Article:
Walter Richard Sickert A.R.A. (British, 1860-1942)
Le Corsage Violet signed 'Sickert' (lower left) oil on canvas 50.8 x 40.2 cm. (20 x 15 7/8 in.) Painted 1907-08
PROVENANCE: The Artist His sale; Bernheim Jeune, Hotel Drouot, Paris, 21 June 1909, lot 11, where acquired by Robert John Griffith Thence by family descent to the present owner
The re-entry of this painting into the Sickert canon after more than a century is to be greatly celebrated. Distinctive in its Camden Town subject matter, sophisticated in its handling, it is a masterpiece of Sickert's maturity. It has remained in the family of the man who bought it at auction in Paris on 21 June 1909, has never been published and never exhibited. That auction, organised by Sickert's Parisian dealer Bernheim Jeune, was previewed for only 3 days, at the Bernheim gallery on Friday 18th and Saturday 19th June, and at the Hôtel Drouot, the main sale rooms in Paris, on Sunday afternoon, 20th June. Many French admirers of Sickert's work, among them the painters Paul Signac, Pierre Bonnard and Maximilian Luce, the writers Romain Coolus and Félix Fénéon and the curator Paul Jamot, seized the chance to buy key works by Sickert. However, only one English name featured as a purchaser in the annotated catalogue: 'Griffith'. He bought two paintings, La Seine, du Balcon (now in the Fogg Museum, University of Harvard) and Le Corsage Violet.
The Griffith family was, at the time of the sale, living in Paris where their son, Frank, was studying painting at L'Académie de la Palette, the private art school then under the direction of Sickert's friend Jacques-Émile Blanche. On their return to London, Frank Griffith became a pupil of Sickert at Rowlandson House. Was it he who encouraged his father, Robert John Griffith, to buy at the Sickert sale?
The painting belongs to a series of Mornington Crescent interiors done over the winter of 1907-8 which feature two models, sometimes painted together, sometimes singly, wearing black straw hats with a shallow flat crown and a wide brim. In a letter addressed to Mrs Hugh Hammersly at the end of 1907 Sickert wrote: 'And I have two coster girls in the hats called "American sailors" between whom my progress is as transparent & embarrassed as Garrick's between the two muses.' Early in 1908, in a letter to Nan Hudson telling her of his current work, Sickert sketched L'Américaine (Tate, London), a painting of a coster girl wearing such a hat. He explained: 'I am deep in two divine costergirls − one with sunlight on her indoors. You know the trompe l'uil hat all the coster girls wear here with a crown fitting the head inside and expanded outside to immense proportions. It is called an "American sailor" [hat].' His letter reveals how he was fascinated by the lives of his models and the way they dressed: 'in the sumptuous poverty of their class, sham velvet &c. They always wearing for everyday dirty, old, worn clothes, but Sunday clothes. Extraordinary lives. Men, who live on them, now & again hitting them with 'ammers, putting poisonous powders on cakes, trying to cut their throats, drugging their whisky &c.'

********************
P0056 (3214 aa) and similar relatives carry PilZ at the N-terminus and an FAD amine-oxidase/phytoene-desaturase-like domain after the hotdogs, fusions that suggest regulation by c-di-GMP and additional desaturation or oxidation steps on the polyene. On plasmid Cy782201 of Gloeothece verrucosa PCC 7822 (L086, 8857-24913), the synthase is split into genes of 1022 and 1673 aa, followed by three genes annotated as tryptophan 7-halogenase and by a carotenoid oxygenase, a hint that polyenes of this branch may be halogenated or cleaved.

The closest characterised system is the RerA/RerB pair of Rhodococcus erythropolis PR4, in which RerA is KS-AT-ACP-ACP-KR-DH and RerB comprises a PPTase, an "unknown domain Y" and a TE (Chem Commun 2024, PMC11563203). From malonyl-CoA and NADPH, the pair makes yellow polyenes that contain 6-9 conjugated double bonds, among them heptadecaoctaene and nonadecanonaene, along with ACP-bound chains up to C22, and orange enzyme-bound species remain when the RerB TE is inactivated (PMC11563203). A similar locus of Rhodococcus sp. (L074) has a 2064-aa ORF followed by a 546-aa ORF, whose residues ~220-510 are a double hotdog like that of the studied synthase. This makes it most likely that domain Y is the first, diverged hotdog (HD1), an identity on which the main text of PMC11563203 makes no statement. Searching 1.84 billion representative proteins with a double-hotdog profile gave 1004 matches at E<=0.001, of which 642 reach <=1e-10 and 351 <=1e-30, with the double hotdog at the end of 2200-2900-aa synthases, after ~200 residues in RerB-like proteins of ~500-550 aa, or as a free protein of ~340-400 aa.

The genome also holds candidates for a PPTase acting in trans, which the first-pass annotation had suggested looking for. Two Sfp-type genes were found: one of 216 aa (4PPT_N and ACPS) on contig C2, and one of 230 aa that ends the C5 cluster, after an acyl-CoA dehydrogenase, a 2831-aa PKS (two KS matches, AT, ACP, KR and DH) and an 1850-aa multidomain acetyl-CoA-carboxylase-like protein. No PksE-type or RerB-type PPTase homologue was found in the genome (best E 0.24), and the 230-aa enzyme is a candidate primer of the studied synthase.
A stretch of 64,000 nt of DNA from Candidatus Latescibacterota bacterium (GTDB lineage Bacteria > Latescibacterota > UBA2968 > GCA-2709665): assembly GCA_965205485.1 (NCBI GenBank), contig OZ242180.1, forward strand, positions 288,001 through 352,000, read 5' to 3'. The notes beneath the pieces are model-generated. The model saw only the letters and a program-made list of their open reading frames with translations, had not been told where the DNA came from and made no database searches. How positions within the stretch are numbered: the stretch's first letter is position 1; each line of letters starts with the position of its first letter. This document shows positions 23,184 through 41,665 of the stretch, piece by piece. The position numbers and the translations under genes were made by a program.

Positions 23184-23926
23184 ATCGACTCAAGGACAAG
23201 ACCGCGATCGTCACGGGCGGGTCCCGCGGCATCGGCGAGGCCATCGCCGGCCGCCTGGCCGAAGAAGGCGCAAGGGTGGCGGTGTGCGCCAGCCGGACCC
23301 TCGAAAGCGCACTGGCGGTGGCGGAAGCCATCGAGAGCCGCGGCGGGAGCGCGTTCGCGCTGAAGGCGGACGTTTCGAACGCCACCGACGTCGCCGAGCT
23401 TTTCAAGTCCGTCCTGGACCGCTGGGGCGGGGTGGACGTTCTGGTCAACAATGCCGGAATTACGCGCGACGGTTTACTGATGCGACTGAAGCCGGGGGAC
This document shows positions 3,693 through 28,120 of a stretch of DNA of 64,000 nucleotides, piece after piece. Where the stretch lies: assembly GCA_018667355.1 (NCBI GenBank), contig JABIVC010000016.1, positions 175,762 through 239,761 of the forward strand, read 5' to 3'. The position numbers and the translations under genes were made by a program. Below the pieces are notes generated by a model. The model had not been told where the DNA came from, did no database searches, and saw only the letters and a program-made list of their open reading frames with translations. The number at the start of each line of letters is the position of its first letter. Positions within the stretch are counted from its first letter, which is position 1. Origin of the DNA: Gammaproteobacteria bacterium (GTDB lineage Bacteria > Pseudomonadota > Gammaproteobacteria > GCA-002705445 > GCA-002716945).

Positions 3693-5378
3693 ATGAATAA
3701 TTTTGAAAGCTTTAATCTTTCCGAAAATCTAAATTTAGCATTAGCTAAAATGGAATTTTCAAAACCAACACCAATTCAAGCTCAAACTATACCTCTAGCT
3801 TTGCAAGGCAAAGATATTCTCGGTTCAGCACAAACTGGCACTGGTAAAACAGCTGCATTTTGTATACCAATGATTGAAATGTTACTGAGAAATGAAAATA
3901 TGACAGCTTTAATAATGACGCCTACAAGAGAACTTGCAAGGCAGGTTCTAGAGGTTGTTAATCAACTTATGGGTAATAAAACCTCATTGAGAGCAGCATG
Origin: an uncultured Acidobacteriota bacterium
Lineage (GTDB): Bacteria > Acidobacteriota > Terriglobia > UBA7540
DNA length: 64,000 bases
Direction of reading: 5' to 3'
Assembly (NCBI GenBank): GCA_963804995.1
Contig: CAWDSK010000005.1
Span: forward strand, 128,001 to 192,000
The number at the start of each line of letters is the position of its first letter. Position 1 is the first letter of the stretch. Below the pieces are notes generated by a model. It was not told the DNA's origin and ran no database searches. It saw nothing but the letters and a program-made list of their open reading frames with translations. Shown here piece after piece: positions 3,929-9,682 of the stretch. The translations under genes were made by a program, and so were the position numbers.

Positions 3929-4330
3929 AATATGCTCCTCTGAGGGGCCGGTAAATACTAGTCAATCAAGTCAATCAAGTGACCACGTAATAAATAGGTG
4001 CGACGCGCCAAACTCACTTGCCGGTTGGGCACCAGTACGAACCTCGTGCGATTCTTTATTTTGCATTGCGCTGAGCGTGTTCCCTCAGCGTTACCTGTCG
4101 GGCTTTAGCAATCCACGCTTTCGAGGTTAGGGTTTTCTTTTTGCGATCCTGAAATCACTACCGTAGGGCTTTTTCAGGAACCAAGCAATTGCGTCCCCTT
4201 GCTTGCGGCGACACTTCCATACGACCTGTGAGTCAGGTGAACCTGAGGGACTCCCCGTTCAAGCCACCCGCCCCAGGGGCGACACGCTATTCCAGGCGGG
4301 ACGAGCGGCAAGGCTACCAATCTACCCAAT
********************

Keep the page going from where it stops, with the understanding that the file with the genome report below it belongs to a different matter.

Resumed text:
Sickert's imagination responded to the tales told by his models and to his studio at 6 Mornington Crescent where his landlady believed Jack the Ripper had been her lodger nearly 20 years earlier. He realised that the home life of his own models was not unlike that of Emily Dimmock, whose throat was cut in her Camden Town bedroom in September 1907. Hence his appropriation of the title 'The Camden Town Murder' for several paintings of a nude woman and a clothed man set within his Mornington Crescent rooms. The setting of Le Corsage Violet and the version of The Camden Town Murder in Kirkcaldy Museum and Art Gallery is identical, but in place of the dramatic narrative implied by the bed and two figures in the 'Murder' subject, is the tender close-up study of his coster model.
Le Corsage Violet now joins L'Américaine and The New Home (private collection) as the most complete and perfect examples of Sickert's Camden Town coster girl interiors. The corsage of the title is barely visible; it declares itself only through the squiggled lines of lilac grey paint on the far side of the model. The handling throughout, with the broken dabs of highlight on the brim of the hat, the reflected light falling from the window in the background to illuminate the contours of the girl's face, the rich and varied sweeping strokes of colour which build up the bodice of her coat and her high-necked blouse, is both constructive and luscious. While the title has long since been known to Sickert scholars from the sale catalogue, the quality and beauty of the painting is an unexpected revelation.
We are grateful to Dr. Wendy Baron for the compiling this catalogue entry.